The meeting between British and Portuguese police over the Madeleine McCann case is routine and there are no plans for any imminent arrests.
Met Police want to speak to a number of men about a large number phone calls they made in the area on the night the child vanished.
The Portuguese inquiry into the disappearance of Madeleine McCann has been reopened amid new leads in the case.
The paper claims that analysis of mobile phone data shows a burglary gang was operating in the Portuguese resort of Praia de Luz in 2007 and they made a high number of calls in the hours immediately following her disappearance.
The paper alleges that "informal discussions" have taken place between British and Portuguese police about arresting the three burglars to search their homes as they may have disturbed the sleeping girl during an attempted break-in.
British police cannot arrest foreigners abroad.
Kate & Gerry McCann have been refused the chance to give evidence at the Portuguese libel trial of a former local police chief, who wrote a book claiming the couple were involved with the disappearance of their daughter Madeleine.
The couple from Rothley in Leicestershire had asked to give evidence at the trial over Goncalo Amaral's book The Truth of the Lie, which is taking place in Lisbon.
The couple are said to be disappointed by the decision, and their lawyer Isabel Duarte is likely to appeal.
Madeleine, who was nearly four at the time, disappeared from a holiday apartment in the resort of Praia da Luz in the Algarve on May 3 2007 as her parents dined at a nearby restaurant with friends.
Reports today claim Nato planes were on a mission over the Algarve coastline on the day Madeleine McCann disappeared - and that pictures from the exercise could shed light on what happened to the youngster.
The Sunday Express reports today that a Portuguese military aircraft took photos of the coastline on May 3, 2007 - including some late into the evening.
British military expert Philip Burden has claimed that the pictures were clear enough to be able to identify people and buildings.
Metropolitan Police Commissioner, Sir Bernard Hogan-Howe, has suggested British and Portuguese police should join together as a team, in order to establish exactly what happened to missing Madeleine McCann.
After Portuguese authorities admitted last month there was enough new information to justify reopening the case, after shelving their own inquiry back in 2008, Commissioner Hogan-Howe said:
One thing we'd like to see in the future is a joint investigation team which comes under the European community. It is a possibility legally and we're working together at a political level, at a police and judicial level, to see how we can construct that...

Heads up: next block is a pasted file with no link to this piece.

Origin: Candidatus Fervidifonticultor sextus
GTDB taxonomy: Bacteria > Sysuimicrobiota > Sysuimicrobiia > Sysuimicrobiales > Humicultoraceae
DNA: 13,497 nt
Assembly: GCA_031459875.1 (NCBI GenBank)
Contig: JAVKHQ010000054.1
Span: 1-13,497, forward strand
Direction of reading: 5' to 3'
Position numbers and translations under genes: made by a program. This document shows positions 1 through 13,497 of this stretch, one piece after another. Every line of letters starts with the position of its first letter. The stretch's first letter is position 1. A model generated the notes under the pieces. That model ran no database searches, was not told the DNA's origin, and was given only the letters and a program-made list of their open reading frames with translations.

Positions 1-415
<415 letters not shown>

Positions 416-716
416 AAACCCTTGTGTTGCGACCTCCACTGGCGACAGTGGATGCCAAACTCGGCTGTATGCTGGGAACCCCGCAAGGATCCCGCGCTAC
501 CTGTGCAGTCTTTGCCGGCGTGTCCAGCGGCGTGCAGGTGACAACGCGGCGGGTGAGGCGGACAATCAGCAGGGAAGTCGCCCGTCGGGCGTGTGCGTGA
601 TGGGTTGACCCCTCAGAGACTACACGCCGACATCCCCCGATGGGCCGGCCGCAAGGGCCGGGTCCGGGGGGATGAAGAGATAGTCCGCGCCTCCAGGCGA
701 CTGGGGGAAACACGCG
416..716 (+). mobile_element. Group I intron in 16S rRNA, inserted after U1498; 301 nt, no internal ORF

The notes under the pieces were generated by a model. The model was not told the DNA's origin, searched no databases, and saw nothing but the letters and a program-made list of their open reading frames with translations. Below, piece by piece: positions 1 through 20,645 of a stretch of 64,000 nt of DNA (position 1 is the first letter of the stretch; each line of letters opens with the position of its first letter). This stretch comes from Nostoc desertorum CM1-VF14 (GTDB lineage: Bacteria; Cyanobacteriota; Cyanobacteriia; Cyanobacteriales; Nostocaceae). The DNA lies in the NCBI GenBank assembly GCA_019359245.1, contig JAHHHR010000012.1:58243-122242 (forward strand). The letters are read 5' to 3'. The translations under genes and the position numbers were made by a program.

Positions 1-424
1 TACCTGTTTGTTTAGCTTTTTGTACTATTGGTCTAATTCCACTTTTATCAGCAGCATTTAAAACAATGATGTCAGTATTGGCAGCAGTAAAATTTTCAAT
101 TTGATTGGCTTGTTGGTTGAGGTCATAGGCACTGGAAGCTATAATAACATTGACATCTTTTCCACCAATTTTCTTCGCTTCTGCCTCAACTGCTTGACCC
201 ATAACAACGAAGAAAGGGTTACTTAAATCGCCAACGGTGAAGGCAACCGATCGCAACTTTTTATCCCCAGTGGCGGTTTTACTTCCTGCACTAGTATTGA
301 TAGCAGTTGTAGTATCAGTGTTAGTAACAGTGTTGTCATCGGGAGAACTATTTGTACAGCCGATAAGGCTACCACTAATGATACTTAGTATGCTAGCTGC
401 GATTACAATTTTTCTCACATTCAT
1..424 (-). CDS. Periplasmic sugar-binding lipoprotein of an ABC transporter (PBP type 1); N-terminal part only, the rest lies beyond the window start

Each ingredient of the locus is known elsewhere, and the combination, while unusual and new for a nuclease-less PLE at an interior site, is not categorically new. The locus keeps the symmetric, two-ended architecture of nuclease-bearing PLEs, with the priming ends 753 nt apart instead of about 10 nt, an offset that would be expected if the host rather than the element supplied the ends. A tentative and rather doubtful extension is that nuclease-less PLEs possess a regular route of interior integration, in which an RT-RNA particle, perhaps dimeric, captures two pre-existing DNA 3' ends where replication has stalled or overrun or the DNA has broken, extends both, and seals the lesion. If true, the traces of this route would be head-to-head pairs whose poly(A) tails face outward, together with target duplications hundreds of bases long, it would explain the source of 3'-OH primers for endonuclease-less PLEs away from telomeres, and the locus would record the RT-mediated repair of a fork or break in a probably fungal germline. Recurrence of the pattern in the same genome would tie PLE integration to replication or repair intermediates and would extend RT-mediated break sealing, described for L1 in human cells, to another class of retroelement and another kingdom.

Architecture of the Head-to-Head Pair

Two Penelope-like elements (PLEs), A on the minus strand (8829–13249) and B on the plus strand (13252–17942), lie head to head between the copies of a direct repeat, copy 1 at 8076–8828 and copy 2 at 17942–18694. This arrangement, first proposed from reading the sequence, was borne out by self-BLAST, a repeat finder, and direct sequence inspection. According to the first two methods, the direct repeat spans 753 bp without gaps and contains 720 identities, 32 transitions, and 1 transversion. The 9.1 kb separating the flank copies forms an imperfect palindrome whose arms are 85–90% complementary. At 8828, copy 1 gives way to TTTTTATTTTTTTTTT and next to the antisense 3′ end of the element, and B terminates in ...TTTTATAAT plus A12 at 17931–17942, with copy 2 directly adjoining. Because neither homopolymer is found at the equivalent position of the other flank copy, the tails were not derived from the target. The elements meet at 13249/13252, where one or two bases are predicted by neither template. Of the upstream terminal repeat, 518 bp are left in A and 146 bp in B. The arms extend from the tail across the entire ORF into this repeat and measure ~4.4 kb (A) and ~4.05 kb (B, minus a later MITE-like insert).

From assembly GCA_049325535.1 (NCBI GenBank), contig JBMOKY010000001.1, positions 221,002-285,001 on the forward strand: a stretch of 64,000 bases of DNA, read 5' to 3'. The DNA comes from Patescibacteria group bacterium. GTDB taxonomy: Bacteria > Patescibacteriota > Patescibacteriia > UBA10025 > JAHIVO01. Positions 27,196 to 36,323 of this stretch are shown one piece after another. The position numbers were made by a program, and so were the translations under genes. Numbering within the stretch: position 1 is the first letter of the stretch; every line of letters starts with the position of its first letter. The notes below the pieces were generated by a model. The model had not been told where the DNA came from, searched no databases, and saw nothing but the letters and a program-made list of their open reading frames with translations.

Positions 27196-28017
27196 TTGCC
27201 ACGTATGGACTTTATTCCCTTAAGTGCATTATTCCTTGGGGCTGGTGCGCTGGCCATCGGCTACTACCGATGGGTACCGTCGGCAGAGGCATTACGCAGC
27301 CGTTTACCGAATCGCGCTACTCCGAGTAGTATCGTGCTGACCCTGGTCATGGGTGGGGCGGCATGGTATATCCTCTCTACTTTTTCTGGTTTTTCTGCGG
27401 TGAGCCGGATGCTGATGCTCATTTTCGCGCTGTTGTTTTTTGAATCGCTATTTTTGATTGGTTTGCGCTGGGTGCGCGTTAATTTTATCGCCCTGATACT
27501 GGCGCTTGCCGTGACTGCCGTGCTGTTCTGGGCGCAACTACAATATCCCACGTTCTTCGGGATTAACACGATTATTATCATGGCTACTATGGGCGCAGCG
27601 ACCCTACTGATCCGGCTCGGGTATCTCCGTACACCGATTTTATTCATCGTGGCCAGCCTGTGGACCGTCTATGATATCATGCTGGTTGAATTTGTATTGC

...So that's what we're trying to get; an agreement between the two governments and the two police services.
The public have responded in their thousands to the recent television appeals concerning the disappearance of Madeleine McCann.
Detective Chief Inspector Andy Redwood, a senior investigator in the case, said numerous people present in Praia da Luz at the time she went missing have come forward.
Speaking on BBC's Crimewatch programme, he said:
The media appeals produced a fantastic response from the public in all three countries, with a total of 3,500 calls and messages in the UK, 850 in Germany and 650 in Holland...
...Lots of people have called to say they were in Praia da Luz at the time. All of this information has obviously produced a very large volume of work for the Operation Grange team to work through.
The response has also had a huge impact in Portugal, where enough new evidence was uncovered last month for authorities there to consider reopening the case.
DCI Redwood went on to say:
I have been in Faro this week working with police colleagues, and I know the appeal generated a large number of calls to the Portuguese police also.
I'd like to thank the media and the public for their continued assistance in this challenging enquiry.
The McCanns have described new reports about a man Portuguese police allegedly suspect kidnapped Madeleine as "pure speculation".
The 40-year-old had been fired from the Ocean Club holiday complex in Praia de Luz where the McCanns were staying when their daughter disappeared on May 3, 2007, and may have been seeking revenge, Portuguese daily Correio da Manha said.
He died in a tractor accident in 2009 but police have interviewed his widow as part of their new investigation, according to the newspaper.
Clarence Mitchell, who represents Kate and Gerry McCann, said: "We are aware of reports in the Portuguese press.
"They are pure speculation and the McCanns are not going to give a running commentary on every new report."
The former hotel employee who Portuguese police are investigating over Madeleine McCann's kidnapping could have snatched her out of revenge after being sacked, newspaper Correio da Manha reported.
The 40-year-old died in a tractor accident in 2009 - two years after Madeleine went missing - and police have already questioned his widow, the paper said.
He was identified as the Portuguese police's main suspect after they reportedly discovered from tests on his mobile phone that he was near the holiday apartment in Praia de Luz when she went missing.
The flat the McCanns were staying in is a 15 minute drive to the town of Lagos where the suspect was living at the time after he stopped working at the Ocean Club.
Portuguese police are now said to be searching for her body in the belief he may have killed her, the paper adds.
A source close to Madeleine McCann's parents has told ITV News that they are "aware" Portuguese police are investigating the possibility a former employee at the hotel in Praia de Luz where the family were staying may have kidnapped her.
It is understood the 40-year-old man died in a tractor accident in 2009 - two years after Madeleine disappeared.